The latest Transparency International survey of global corruption puts Israel at No. 36 out of 177 countries. It is far behind clean government leaders Denmark and New Zealand, but it is ahead of every other country in the Middle East except for UAE and Qatar, where corruption is a lot more difficult to measure because it is hard to know where public revenues end and royal family income begins.

The fact that Israel is actually able to prosecute and convict former prime ministers and presidents is a stunning achievement which would be unthinkable in most countries where leaders wind up in the dock only when their regime is overthrown. (Think Egypt.) While Israelis do have some cause for concern about the quality of their politics, on the whole, I would argue that they should take pride in their ability to hold political leaders to account. While the neighboring Arab states may well crow over Olmert’s conviction–there is no love lost for him because of his role in directing the 2006 war against Hezbollah–their populations, reading the news, may well wonder why their own politicians aren’t being exposed for their far greater thievery.

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Another Netanyahu Rival Eliminated

Today brought another piece of bad news for Israelis and Americans who have been desperately searching for someone, anyone, to pose a credible challenge to Israeli Prime Minister Benjamin Netanyahu. The plea bargain agreed to by a top aide to former Prime Minister Ehud Olmert seems to put a bow on the case that state prosecutors have been trying to build against him for years. Shula Zaken, who ran Olmert’s office when he was mayor of Jerusalem as well as prime minister, has reportedly agreed to tell all about his corrupt dealings, both in the Holyland affair, which is currently being tried, and on other charges, including those on which the former PM had either drawn a slap on the wrist or been acquitted. Even worse than detailing the way he diverted money illegally into his own accounts, Zaken allegedly has a tape of Olmert pressuring her to clam up about his crimes in exchange for money that will undoubtedly lead to an obstruction of justice charge.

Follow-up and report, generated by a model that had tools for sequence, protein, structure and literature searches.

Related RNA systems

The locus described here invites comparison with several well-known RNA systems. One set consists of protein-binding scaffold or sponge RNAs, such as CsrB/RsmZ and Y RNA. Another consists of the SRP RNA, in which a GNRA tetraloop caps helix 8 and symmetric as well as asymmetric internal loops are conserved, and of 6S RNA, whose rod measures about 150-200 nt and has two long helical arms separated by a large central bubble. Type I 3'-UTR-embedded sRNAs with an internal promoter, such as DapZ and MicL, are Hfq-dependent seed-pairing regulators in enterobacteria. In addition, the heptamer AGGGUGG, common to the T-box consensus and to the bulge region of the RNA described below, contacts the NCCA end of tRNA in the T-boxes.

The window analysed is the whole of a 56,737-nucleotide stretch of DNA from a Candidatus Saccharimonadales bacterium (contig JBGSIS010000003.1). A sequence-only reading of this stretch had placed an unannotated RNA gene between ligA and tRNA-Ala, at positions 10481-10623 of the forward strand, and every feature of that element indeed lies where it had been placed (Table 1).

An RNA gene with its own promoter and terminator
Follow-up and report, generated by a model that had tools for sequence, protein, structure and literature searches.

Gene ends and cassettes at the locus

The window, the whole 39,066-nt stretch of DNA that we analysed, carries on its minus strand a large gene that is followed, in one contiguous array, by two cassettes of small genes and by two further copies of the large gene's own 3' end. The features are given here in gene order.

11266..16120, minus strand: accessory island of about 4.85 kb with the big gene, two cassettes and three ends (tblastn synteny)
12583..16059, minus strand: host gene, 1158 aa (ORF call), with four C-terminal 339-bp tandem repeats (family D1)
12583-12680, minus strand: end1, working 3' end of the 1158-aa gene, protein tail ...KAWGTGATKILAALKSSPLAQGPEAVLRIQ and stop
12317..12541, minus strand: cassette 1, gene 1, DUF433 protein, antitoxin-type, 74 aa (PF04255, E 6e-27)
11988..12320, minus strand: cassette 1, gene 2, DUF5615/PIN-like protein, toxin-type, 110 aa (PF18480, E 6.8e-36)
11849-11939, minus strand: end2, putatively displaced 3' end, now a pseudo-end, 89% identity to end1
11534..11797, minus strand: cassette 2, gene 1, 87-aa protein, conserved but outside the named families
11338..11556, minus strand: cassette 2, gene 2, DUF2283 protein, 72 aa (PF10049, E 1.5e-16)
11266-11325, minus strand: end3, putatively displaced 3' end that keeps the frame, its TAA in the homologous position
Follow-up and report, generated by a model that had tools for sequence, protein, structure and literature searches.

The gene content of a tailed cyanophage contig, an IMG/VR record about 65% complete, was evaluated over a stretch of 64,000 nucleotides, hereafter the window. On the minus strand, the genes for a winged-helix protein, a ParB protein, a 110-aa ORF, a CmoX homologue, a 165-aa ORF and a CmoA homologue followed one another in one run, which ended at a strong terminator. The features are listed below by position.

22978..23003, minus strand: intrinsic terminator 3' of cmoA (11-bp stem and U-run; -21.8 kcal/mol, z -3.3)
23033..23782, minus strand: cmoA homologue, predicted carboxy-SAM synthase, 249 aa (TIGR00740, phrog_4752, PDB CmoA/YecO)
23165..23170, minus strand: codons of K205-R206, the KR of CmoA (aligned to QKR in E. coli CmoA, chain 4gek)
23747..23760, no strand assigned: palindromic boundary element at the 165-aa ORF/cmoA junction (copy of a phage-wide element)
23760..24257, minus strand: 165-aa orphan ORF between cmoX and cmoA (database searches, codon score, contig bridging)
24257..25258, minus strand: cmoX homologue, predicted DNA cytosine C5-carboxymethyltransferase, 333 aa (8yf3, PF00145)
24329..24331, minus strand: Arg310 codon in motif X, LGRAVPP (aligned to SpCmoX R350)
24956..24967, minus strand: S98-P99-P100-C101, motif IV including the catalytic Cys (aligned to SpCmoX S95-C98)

This is hardly good news for Israelis who have already seen a president sent to jail for rape (Moshe Katsav) and a leading candidate for that largely symbolic office (Silvan Shalom, a member of Netanyahu’s cabinet), disqualified by similar charges just this month. But aside from the dismal spectacle of someone who is protected by the Shin Bet much in the way former U.S. presidents are guarded by the Secret Service being hauled off to jail, Olmert’s fate also makes it just a little more difficult to imagine anyone mounting an effective challenge to Netanyahu in 2017 when he will be up for reelection.

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Today brought another piece of bad news for Israelis and Americans who have been desperately searching for someone, anyone, to pose a credible challenge to Israeli Prime Minister Benjamin Netanyahu. The plea bargain agreed to by a top aide to former Prime Minister Ehud Olmert seems to put a bow on the case that state prosecutors have been trying to build against him for years. Shula Zaken, who ran Olmert’s office when he was mayor of Jerusalem as well as prime minister, has reportedly agreed to tell all about his corrupt dealings, both in the Holyland affair, which is currently being tried, and on other charges, including those on which the former PM had either drawn a slap on the wrist or been acquitted. Even worse than detailing the way he diverted money illegally into his own accounts, Zaken allegedly has a tape of Olmert pressuring her to clam up about his crimes in exchange for money that will undoubtedly lead to an obstruction of justice charge.